If you invest some time and effort into understanding the other side, though, there's one kind of personal attack that just can't survive. An attack on a group's intentions is always wrong. They can be wrong, foolish, blinded, or a hundred other faults, but there's no way that millions of people just happened to decide to burn down society for the heck of it. People tend to want the same basic things - they want safety, they want wealth, they want health, they want happiness, they want freedom, and they want fun. The exact form of those desires will vary, and people will differ in exactly whose happiness and health they want to focus on improving, but the vast majority of people want to create a society that's optimized for improving those things overall.

The First Rule of Politics: Every political movement genuinely wants to make society better. 

It won't be every member of a movement, of course - malicious jerks exist everywhere. It's possible for a single malicious jerk to fool lots of people into believing something bad, but those people still honestly believe that it's designed to improve the world. It's possible to have a group that defines "society" too narrowly(this is the biggest mistake of racists, for example) and only wants to help a part of what you think of as "society", but within their definitions they really want to make it better. Again, it's quite possible for groups to be wrong in their suggested policies - if two groups disagree, at least one of them is wrong, after all - but they're honestly wrong, not simply lying to you about what they want so they can line their own pockets or something.

Corollary: If you don't understand how they can believe what they believe and still want to make the world a better place, then that's a problem with your understanding, not with their beliefs. 

It seems odd to some people that you might want to understand your opponents at all. After all, if you get too close to a bad idea, it might spread. Plus, there's some people who simply fail at empathy - they're just not wired in a way that allows them to understand other people very well. But there's three reasons why I think it's still a good investment of some time, even if you're skeptical or find it difficult.

1) We're all in this together. Yeah, communists and anti-science activists may drive me up the wall, but I have to live in the same place as a bunch of them. Their views and desires matter to the government of Canada, and they should matter just as much as yours and mine. Even if it's occasionally irritating. You don't have to agree with everyone else(not least because it's physically impossible), but knowing where they're coming from and what they want should be important when setting national policy, just like everyone else's views.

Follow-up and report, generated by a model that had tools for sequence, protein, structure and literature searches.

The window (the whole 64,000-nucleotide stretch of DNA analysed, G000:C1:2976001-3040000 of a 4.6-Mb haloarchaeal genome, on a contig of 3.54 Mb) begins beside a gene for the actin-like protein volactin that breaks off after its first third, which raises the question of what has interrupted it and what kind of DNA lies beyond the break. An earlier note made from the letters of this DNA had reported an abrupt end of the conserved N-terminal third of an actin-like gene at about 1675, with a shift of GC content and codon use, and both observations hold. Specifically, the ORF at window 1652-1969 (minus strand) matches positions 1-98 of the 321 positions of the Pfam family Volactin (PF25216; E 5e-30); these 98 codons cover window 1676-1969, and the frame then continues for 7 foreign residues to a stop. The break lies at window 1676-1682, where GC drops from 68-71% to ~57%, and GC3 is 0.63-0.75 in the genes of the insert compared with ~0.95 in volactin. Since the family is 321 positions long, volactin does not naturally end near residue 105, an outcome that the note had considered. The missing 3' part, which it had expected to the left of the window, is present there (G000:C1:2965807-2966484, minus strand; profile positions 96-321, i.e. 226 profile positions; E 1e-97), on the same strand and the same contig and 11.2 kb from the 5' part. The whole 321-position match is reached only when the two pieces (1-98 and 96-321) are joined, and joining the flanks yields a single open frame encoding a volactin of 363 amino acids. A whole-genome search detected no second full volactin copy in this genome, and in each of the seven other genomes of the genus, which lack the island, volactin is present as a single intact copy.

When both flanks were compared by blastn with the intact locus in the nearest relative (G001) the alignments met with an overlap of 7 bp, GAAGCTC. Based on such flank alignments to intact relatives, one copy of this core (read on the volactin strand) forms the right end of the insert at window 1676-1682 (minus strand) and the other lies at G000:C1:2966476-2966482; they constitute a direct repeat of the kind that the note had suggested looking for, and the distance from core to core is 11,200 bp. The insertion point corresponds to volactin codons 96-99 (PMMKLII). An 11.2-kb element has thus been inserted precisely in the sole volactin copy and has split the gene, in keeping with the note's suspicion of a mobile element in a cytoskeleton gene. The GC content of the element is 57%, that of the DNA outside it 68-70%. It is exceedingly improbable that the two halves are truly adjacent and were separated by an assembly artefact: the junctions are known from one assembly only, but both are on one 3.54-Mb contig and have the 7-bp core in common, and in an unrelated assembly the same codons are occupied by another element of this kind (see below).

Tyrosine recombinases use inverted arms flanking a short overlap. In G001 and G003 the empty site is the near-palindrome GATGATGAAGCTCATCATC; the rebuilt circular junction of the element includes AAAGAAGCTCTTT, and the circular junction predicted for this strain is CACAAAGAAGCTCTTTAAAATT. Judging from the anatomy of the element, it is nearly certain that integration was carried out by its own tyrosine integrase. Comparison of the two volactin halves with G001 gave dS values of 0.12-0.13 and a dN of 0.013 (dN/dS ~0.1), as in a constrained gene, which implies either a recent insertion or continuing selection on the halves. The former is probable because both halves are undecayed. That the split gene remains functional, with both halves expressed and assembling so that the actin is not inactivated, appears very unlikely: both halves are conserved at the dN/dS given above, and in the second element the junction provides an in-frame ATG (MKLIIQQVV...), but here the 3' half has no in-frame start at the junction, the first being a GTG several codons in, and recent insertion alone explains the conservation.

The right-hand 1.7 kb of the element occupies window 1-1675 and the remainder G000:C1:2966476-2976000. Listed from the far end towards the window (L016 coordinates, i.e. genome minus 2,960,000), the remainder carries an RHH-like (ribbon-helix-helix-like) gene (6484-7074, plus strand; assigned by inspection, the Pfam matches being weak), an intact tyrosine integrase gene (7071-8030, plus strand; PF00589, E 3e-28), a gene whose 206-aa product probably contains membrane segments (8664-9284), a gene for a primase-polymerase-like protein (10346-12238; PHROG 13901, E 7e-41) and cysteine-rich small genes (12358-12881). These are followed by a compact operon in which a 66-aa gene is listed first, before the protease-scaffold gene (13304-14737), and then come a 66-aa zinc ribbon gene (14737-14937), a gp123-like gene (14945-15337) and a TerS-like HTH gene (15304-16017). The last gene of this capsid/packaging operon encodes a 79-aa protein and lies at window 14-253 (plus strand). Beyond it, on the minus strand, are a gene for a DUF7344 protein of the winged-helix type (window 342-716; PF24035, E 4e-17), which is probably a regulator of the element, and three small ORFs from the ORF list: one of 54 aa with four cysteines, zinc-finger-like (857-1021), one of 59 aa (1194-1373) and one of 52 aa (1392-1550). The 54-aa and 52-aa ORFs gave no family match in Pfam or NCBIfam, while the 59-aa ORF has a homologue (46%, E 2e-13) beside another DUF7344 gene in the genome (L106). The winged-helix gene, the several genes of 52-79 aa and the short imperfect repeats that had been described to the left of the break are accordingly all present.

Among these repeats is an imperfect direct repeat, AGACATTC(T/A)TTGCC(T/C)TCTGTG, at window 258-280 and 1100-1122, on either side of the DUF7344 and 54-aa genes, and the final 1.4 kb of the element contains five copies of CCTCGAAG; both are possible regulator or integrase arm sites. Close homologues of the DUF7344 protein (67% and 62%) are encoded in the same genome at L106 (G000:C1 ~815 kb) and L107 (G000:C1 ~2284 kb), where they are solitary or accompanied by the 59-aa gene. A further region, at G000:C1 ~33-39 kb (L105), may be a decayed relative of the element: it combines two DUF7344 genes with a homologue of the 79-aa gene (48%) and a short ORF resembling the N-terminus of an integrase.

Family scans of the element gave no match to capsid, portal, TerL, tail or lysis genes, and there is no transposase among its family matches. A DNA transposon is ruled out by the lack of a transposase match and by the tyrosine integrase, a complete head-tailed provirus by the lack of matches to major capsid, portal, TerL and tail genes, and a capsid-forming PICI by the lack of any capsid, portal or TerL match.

2) They could be right. I wouldn't bet on it - I believe what I do because I think it's right, after all - but everybody is wrong about something at some point. I have been, and so have you. If we close ourselves off from anyone who disagrees with us, we will never have our views get challenged, and that prevents them from being corrected if we have made a mistake somewhere. If the goal is to be right, and not merely to win in a fight, this is important.

3) It helps you beat them. An opponent who is a mystery cannot be predicted or countered, they can only be fought by mindlessly throwing punches. If you know who they are, what they want, and how they think, it lets you know what their weak points are, how to target those weak points, how to convince them that your methods are the right ways of achieving their goals, and so on. Like Sun Tzu said:

“If you know the enemy and know yourself, you need not fear the result of a hundred battles. If you know yourself but not the enemy, for every victory gained you will also suffer a defeat. If you know neither the enemy nor yourself, you will succumb in every battle.”
Don't be a dick. People who disagree with you about politics are not generally mustache-twirling villains, they're simply misguided folks who are picking the wrong ways to try to make the world better. Understand that, treat them decently, and then kick their ass.

Sunday, January 1, 2017

Predictions For 2017

One of my favourite bloggers makes an annual habit of creating a large number of predictions for the coming year, with probability estimates, and then judging himself at the end of the year on how accurate his predictions were. I like the idea, so I'm going to give it a shot myself. Allowed confidence levels are 50%, 60%, 70%, 80%, 90%, 95%, and 99%.

1) Maxime Bernier will win the CPC leadership - 50%
2) Kellie Leitch will not win the CPC leadership - 80%
3) There will be 5 or fewer candidates on the final CPC leadership ballot - 60%
4) Jason Kenney will win the PCAA leadership - 90%
5) The PCAA and Wildrose parties will not have begun any official merger process - 70%
6) There will be no Danielle Smith-style defection of multiple Wildrose MLAs to the PCAA(or vice-versa) - 90%
7) There will be less than 3 candidates who formally register for the federal NDP leadership - 80%
8) The expected 2017-18 deficit announced in the 2017 federal budget will be higher than predicted in the 2016 budget($29.0 billion) - 70%
9) The expected 2017-18 deficit announced in the 2017 Ontario budget will be higher than predicted in the 2016 budget(balanced) - 70%
10) Approval of the performance of Justin Trudeau will be below 50% in at least one major scientific poll - 80%